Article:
I can’t think of a more appropriate topic to discussion as part of Cybersecurity Awareness Month than zero trust security. Underneath the U.S. Department of Commerce, the National Institute of Standards and Technology (NIST) organization has been quite involved in documenting best practices for several cybersecurity topics, including zero trust. As part of that service, the cybersecurity team published a foundational piece labeled as 800-207.
There are a couple of reasons why I think NIST’s zero trust architecture (ZTA) publication offers real value to organizations looking for guidance as they identify ways to raise their security posture while minimizing the usability hit for their users. Initially, as a response to a trend of organizations allowing BYOD devices on the intranet, there was also a broadening of the types of users granted remote access to internal services. Gone were the days of just specialized professionals such as road warriors needing access to the intranet. Rather, over time it broadened out to all sorts of user profiles, including contractors and even partners. The castle–moat paradigm was growing increasingly porous.
NIST brings a couple of important perspectives to the zero trust (ZT) discussion:
- When Forrester coined a set of security practices as zero trust, their description was network-focused, advocating network segmentation. NIST raises ZT to the application layer security solutions that can more easily tie information access to an identity.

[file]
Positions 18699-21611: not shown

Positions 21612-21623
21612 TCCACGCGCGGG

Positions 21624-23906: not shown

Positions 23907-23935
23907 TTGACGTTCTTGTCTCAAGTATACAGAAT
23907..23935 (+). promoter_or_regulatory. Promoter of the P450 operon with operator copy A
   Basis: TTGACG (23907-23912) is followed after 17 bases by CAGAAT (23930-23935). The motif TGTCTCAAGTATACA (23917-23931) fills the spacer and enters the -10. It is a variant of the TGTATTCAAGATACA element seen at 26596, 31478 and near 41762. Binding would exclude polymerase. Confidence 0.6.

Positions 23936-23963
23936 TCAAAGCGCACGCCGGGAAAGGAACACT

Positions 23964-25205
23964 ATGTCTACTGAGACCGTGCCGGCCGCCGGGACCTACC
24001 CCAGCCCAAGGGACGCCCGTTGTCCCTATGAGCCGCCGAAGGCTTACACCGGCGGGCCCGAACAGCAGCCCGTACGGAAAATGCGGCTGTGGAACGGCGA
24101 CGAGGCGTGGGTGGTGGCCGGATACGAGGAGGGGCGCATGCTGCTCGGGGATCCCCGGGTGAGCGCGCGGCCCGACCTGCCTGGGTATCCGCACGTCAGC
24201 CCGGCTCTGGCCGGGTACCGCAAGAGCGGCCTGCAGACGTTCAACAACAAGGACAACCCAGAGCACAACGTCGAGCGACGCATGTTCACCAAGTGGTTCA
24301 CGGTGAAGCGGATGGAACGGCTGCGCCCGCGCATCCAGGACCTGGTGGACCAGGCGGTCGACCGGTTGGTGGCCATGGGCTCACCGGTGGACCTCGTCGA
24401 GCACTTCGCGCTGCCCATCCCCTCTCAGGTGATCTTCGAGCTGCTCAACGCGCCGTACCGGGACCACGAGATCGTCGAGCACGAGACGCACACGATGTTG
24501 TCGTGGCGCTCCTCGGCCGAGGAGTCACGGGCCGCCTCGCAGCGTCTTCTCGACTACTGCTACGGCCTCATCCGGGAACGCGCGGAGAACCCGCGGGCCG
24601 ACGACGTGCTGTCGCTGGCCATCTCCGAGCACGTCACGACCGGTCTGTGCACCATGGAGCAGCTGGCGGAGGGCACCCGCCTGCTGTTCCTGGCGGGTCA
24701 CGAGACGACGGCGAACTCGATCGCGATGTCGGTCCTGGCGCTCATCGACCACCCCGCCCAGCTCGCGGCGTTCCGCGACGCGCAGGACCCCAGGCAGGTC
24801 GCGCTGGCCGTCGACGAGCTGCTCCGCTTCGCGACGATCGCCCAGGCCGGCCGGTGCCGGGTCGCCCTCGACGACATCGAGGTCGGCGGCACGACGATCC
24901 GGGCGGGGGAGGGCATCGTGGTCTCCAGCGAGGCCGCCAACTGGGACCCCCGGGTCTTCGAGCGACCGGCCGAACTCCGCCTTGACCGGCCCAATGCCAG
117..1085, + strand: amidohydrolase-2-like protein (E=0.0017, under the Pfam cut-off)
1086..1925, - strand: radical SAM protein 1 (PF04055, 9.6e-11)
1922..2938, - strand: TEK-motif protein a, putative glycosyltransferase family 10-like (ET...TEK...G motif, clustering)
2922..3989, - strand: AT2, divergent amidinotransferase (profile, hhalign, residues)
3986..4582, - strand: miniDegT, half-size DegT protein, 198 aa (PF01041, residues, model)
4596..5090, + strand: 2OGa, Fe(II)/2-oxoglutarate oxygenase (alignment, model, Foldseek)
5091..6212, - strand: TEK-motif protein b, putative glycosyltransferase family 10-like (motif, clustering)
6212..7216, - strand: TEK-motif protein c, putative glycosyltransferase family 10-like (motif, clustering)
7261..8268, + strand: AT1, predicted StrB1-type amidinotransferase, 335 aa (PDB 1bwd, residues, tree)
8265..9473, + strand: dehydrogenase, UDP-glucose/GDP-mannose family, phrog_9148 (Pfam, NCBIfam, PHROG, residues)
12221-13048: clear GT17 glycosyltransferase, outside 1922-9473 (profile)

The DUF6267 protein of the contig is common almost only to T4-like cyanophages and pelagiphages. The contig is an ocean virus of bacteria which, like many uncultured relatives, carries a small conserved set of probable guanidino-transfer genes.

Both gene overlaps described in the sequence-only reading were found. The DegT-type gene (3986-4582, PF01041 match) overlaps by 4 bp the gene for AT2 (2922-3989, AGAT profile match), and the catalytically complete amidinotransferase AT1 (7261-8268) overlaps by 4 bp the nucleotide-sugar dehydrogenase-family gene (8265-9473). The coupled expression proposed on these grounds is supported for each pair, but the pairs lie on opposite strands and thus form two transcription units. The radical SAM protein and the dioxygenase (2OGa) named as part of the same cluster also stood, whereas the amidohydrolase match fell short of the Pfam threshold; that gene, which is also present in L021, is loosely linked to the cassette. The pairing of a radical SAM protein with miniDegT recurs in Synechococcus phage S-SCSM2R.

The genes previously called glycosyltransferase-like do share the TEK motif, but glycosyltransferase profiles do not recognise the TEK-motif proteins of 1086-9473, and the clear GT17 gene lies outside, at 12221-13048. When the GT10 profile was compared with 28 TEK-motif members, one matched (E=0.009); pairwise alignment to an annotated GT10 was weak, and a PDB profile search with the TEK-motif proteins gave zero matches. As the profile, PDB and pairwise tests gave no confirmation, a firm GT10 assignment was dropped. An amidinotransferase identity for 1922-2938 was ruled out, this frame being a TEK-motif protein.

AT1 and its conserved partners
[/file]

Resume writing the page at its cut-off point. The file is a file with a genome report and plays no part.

- At a time when vendors are labeling what they currently have on their price sheet as ZT, NIST provides boundaries on what is considered ZT related technology and what is simply marketing. They do this by categorizing and describing security capabilities included in their ZTA model.
When ZT was first introduced, cloud-based services (IaaS, PaaS & SaaS) were starting to get noticeable attention. Today, the cloud paradigm shift is mainstream, making identity the best fit as the new security perimeter, especially in conjunction with BYOD trends. It’s this shift that brings Identity and Access Management (IAM) front and center into NIST’s ZT practices. As such, let’s review several of NIST’s 800-207 concepts and map them to what the NetIQ portfolio offers.
800-207 Key ZT Tenets
The NIST report states that the intent of a ZTA is to “ensure that the subject is authentic and the request is valid.” Below are NIST’s tenets and descriptors.
Tenet 1 – All data sources and computing services are considered resources.